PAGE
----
Service design, details, and DesignThinkers

This year, I went to DesignThinkers for the first time. For some reason, I didn’t really feel a connection to DesignThinkers, which actually is odd, but it was something I noticed even before I went, and I talked about it with a couple of my friends in my program afterwards. My current hypothesis (not sure if I’d want to even “test” this) is that I know that as soon as I graduate, my connection to the RGD will be severed: I am a student member only because I am a student in an art school right now, but once I graduate I will no longer qualify for any member category.

Anyway, that’s not what I want to write about. The thing is that when I went to AIGA’s national conference last year the first time, I thought that their program schedule could be better done, and when I went to their design for social value conference this year, I thought that their slides could be “more inclusively” designed. But when I went to DesignThinkers, I found that a lot of details that I have been taking for granted are simply not there.

(One of my classmates told me that, adjusted for the national population sizes, the RGD is an even larger organization than the AIGA. I didn’t know this. But knowing this just makes things feel even more difficult to understand.)

Anyway, the first thing I noticed was the bell, or rather the lack thereof. There were no announcements telling you that a presentation was starting, so you could actually stay outside in the exhibition area without knowing that your favourite presentation had already started 15 minutes ago; in fact you could theoretically stay there for hours without knowing a single presentation had started. At AIGA’s conferences a bell alerts you that a presentation is going to start; that bell sound is missing, and I know that for a theatre like Bassett’s there’s no way the bell sound is not available—that bell sound is used for concerts.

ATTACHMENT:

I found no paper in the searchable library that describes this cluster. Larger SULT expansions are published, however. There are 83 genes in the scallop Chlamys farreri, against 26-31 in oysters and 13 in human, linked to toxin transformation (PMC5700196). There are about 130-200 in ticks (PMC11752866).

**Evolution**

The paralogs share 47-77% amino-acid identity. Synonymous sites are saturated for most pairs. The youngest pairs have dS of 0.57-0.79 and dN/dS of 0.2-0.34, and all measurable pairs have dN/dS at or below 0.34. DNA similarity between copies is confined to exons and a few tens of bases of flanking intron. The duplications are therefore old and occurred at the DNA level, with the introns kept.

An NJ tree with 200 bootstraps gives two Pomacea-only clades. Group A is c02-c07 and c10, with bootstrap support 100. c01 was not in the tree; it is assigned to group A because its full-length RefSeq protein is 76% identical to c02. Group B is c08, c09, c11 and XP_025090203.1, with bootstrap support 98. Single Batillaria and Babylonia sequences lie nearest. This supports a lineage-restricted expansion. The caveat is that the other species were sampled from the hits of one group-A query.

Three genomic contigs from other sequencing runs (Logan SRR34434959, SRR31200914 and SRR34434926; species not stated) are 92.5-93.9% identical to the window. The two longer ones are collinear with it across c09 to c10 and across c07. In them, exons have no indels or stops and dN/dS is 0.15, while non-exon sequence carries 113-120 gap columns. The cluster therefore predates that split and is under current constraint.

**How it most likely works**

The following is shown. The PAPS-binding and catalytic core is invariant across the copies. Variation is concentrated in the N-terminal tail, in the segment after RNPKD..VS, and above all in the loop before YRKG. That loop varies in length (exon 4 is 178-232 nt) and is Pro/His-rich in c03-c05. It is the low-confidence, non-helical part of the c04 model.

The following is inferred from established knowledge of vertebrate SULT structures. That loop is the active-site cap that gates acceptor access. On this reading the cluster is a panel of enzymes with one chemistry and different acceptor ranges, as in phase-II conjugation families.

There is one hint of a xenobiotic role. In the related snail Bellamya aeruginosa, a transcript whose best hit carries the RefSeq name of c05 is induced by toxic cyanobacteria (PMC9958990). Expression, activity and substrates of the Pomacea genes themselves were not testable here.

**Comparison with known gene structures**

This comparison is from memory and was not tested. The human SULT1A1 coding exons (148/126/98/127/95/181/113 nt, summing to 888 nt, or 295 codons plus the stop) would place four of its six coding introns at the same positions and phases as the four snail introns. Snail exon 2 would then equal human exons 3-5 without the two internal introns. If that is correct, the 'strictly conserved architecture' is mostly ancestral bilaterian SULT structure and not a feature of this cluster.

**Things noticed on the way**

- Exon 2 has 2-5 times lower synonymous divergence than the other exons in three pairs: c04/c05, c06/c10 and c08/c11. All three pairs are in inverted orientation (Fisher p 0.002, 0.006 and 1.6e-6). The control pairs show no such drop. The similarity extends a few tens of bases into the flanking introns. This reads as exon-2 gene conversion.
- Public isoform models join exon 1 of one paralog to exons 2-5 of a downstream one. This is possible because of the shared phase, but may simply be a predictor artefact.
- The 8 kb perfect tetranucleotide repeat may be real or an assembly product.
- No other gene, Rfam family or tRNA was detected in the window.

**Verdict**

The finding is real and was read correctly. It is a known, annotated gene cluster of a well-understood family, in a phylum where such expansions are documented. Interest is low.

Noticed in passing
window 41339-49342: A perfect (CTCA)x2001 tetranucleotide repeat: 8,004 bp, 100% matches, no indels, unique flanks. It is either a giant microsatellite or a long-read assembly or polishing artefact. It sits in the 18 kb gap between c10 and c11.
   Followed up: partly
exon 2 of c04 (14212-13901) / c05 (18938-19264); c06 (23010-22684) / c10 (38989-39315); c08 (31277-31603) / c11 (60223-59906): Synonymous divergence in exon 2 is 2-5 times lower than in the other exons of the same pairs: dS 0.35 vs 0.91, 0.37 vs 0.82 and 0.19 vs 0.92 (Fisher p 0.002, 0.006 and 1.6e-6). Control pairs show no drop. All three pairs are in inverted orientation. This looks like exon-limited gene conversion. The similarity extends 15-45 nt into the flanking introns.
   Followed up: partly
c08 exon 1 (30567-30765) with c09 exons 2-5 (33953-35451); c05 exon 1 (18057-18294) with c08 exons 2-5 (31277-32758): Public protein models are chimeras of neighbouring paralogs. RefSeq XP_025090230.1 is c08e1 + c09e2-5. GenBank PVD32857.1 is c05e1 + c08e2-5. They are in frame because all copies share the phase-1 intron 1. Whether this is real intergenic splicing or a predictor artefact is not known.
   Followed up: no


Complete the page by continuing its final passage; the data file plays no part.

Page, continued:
I also find the conference program book a little puzzling. They have thoughtfully provided quite a large number of blank pages inside the program book for us to write notes. However, inside the main theatre lights were turned off during most presentations. You cannot write notes when lights are turned off, so those blank pages were in fact a waste of paper.

Related to this was the name tag which was without a plastic pocket. I don’t know if this was the intent, but to me this felt like a “green” measure. However, the plastic pocket in fact serves an important function—to hold business cards. Of course you could place your business card in your bag, or in the bag they provided, but nothing really beats the convenience of having name cards with your name tag. I am all for “green” measures, but, personally speaking, I feel that having the plastic pocket and getting rid of extra pages in the program book would have made much more sense than having extra blank pages in the program book and getting rid of the plastic pocket.

There is another thing that does not really fit into a notion of “details” but of general usability—or rather accessibility or inclusiveness. I had issues with the small size of some slides when I were at Gain last month, but at DesignThinkers I saw type on some slides that are so small that even when I was sitting in the middle row the type looked like 1 point type to me: if I were sitting in the last row I would be just seeing dots. Given that the RGD has published their own accessibility guide AccessAbility, this lapse of accessibility is just baffling.

All in all, this experience probably taught me what “service design” is and how details relate to service design. Perhaps, if the two conferences had happened earlier, I might have been able to answer the three “experience”-related questions that was asked earlier in the term in my foundations course in a more coherent manner.